Refresh, Refresh: Stories
Graywolf Press, 2007
249 pp., 15.0
The Quiet Girl: A Novel
Farrar, Straus and Giroux, 2007
424 pp., 26.00
Reviewed by Elissa Elliott
Making Sense of a Broken World
One of my pet peeves is a short story lacking an ending, which is why I am one of the few who cannot read another Alice Munro story. Fortunately, this is not the case with Benjamin Percy's second story collection Refresh, Refresh, where endings abound—maybe not happy ones, but ones that fit the story being told.
By far, the title story is my favorite, as it has been for many people. It won Paris Review's Plimpton Prize and the 2006 Pushcart Prize in fiction, and was included in novelist Ann Patchett's selection of The Best American Short Stories 2006. Recently, we've seen a rash of stories touching in some way on the war in Iraq, but this is the first time I've read one that has engaged me from start to finish. "Refresh, Refresh" follows two young, rough–and–tumble boys' efforts to make sense of their world after their fathers have been sent to Iraq. They do it in the only way that they know how—boxing to exhaustion in the backyard, playing a hunting prank on football players, and pummeling the recruitment officer before he can declare whose father it is who has died. With their computer mouses, they click refresh, refresh, to see if, possibly—just maybe—their fathers have replied to their emails, so the boys can know their dads are still alive.
All of Percy's protagonists are male, and all experience pain, loss, loneliness, and confusion. A young husband navigates the emotional aftermath of a miscarriage; an adult son sees his father keen at the loss of his dog; a father kills his daughter's abusive boyfriend; an elderly brother plots the death of his brother because he's desired his wife all these years; a selfish husband meets his comeuppance in the middle of a deadly storm; and a son grieves over his father's abrupt disappearance.
The stories are dark and sometimes violent, but I don't see any other way to have written them. When such characters come to you and whisper in your ear, you have to snap to attention. You have to portray them with brutal honesty, without skipping the uncomfortable or unsavory parts. These characters do have something wickedly dismal about them, but nothing that should be foreign to any of us, if we are percipient about our own interior lives.
And it's another's interior life—that of Kasper Krone, the out–of–work, once famous clown—that the Danish novelist Peter Høeg writes about in his new book, The Quiet Girl, translated by Nadia Christensen.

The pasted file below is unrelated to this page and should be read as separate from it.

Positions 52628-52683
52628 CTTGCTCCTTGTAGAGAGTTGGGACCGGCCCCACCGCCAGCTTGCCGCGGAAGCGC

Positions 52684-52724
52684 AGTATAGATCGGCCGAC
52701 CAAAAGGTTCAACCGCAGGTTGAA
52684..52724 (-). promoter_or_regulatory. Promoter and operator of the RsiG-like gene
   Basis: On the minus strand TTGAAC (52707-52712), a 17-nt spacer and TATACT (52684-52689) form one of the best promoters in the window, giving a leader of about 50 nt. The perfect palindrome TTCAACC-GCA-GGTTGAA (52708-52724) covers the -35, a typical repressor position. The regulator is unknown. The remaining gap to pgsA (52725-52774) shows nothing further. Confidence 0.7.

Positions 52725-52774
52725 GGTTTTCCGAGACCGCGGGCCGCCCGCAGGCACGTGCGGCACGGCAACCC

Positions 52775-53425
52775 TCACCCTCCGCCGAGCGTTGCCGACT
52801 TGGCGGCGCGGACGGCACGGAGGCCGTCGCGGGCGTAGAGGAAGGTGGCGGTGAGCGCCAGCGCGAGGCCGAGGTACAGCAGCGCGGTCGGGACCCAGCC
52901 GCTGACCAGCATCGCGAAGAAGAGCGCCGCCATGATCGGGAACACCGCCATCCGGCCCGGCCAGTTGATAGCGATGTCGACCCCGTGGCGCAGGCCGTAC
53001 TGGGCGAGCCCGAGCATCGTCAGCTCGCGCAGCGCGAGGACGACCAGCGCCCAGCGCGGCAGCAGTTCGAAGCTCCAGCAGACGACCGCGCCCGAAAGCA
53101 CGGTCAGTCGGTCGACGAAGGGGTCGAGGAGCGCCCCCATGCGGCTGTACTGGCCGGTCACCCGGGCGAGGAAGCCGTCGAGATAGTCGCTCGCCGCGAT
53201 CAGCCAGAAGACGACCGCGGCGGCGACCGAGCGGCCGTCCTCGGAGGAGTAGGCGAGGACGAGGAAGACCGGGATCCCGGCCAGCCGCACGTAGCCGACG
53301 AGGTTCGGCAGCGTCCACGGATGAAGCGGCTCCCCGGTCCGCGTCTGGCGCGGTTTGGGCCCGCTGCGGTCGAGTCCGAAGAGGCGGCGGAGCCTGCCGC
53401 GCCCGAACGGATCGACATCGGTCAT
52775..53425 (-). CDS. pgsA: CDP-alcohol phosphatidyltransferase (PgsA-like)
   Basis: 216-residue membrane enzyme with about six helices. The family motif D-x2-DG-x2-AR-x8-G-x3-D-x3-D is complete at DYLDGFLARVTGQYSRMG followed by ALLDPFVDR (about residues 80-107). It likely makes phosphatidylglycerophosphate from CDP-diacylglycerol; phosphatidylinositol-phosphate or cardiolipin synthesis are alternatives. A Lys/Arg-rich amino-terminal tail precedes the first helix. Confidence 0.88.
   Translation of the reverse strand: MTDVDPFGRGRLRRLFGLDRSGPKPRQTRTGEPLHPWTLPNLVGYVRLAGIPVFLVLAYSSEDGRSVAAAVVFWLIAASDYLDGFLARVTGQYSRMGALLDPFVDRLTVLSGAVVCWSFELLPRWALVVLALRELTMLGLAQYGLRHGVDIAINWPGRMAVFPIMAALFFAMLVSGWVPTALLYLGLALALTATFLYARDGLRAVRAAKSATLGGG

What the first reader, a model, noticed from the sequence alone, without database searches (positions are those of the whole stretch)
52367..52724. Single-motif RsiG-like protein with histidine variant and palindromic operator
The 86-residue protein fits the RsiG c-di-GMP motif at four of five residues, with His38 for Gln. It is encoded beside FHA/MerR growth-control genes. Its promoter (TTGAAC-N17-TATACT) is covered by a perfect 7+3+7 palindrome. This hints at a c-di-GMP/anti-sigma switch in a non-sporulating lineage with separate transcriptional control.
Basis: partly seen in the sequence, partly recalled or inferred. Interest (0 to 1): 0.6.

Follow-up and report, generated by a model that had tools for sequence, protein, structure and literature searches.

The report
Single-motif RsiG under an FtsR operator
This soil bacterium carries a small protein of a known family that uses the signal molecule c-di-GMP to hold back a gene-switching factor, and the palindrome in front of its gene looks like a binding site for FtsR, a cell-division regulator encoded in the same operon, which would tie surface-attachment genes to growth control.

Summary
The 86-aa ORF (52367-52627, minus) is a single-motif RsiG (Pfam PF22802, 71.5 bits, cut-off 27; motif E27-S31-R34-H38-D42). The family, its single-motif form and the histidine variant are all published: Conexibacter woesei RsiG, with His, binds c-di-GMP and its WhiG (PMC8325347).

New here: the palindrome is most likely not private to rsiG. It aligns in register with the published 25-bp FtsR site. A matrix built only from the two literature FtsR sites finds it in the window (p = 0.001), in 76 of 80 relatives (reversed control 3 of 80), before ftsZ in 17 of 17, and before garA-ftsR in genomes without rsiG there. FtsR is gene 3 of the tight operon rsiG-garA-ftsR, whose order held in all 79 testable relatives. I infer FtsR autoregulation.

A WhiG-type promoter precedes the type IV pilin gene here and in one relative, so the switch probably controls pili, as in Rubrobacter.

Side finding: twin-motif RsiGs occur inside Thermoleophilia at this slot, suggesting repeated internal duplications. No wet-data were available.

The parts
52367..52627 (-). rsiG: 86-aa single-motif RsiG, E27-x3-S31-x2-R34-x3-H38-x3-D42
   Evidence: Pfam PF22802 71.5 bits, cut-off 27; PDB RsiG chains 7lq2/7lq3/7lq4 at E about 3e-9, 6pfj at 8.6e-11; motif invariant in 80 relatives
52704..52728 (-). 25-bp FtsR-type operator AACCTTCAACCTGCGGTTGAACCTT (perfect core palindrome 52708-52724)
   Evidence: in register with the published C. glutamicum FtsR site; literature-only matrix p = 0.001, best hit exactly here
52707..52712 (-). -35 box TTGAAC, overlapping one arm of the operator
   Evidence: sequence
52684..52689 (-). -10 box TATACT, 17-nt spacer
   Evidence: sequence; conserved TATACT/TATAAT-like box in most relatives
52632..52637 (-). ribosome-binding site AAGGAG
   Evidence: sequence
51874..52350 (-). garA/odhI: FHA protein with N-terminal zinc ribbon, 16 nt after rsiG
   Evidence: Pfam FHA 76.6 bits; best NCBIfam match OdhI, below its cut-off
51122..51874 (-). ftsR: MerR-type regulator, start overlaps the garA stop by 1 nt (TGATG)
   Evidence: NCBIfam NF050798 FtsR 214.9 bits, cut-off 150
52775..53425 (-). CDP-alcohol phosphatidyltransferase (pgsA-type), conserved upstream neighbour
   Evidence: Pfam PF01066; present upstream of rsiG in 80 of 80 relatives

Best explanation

If you've read Høeg's best–known novel, the internationally bestselling Smilla's Sense of Snow, you may be struck as I was by the similarities between the two books. Indeed, a one–sentence summary of both might read: Social misfit, using the help of an estranged father, attempts to rescue a helpless child from danger. Except that in Smilla's Sense of Snow, there seems to be a reason, a driving force, behind Smilla's need to solve the Inuit boy's murder. Here, in The Quiet Girl, it's unclear why Kasper Krone wants to save his nine–year–old former dance pupil from the clutches of her evil kidnappers.
Let me start at the beginning. After a childhood accident, Kasper acquires the uncanny ability to hear music with each person he encounters. For example, when he meets the girl's kidnappers, they have the sense of "D–minor, at its worst. As in Toccata and Fugue in D–Minor." Ostensibly, what drives Kasper to rescue the girl are two things: the girl has asked him to, in a covert meeting (this has its own set of problems, which I'll come to in a moment); and she possesses a silence about her, a peace that he wants and has never found. He is curious about this silence: "There are two types of silence … . There is the … silence behind prayer. The silence when one is close to the Divine … . And then there is the other silence. Hopelessly far from God."
I think Høeg was trying to write a postmodern thriller with a protagonist who plays against the expectations of the genre—a mystic who quotes Meister Eckhart and Kierkegaard and Catherine of Siena, a man who is searching for truth in highly unorthodox places. Høeg has done this, but not without making Kasper appear somewhat superficial. In fact, even his ex–girlfriend complains when Kasper gets too lofty: "That's borrowed. Stolen. Patchwork! … Your feelings have no depth … . You live and talk as if you're performing in the ring all the time." This suggests that the author is well aware of his protagonist's flaws—but that doesn't make Kasper any less irritating.
Another quibble: the narrative form Høeg chose, a form that he successfully executed in Smilla's Sense of Snow, merely confuses the reader of The Quiet Girl (this reader, anyway). He took a fairly plain story and jumbled it up, so that he could divulge plot twists at exactly the right moment. Many other storytellers (not just Høeg in that earlier success) have brought this off—the movie 21 Grams comes to mind—with spectacular results. Here's the difference. At the end, the reader (or the viewer) should be able to go back and linearly reconstruct the story without a hitch. I had difficulty doing this with The Quiet Girl. But that may say more about me than the book, and perhaps it will be rectified with a second read.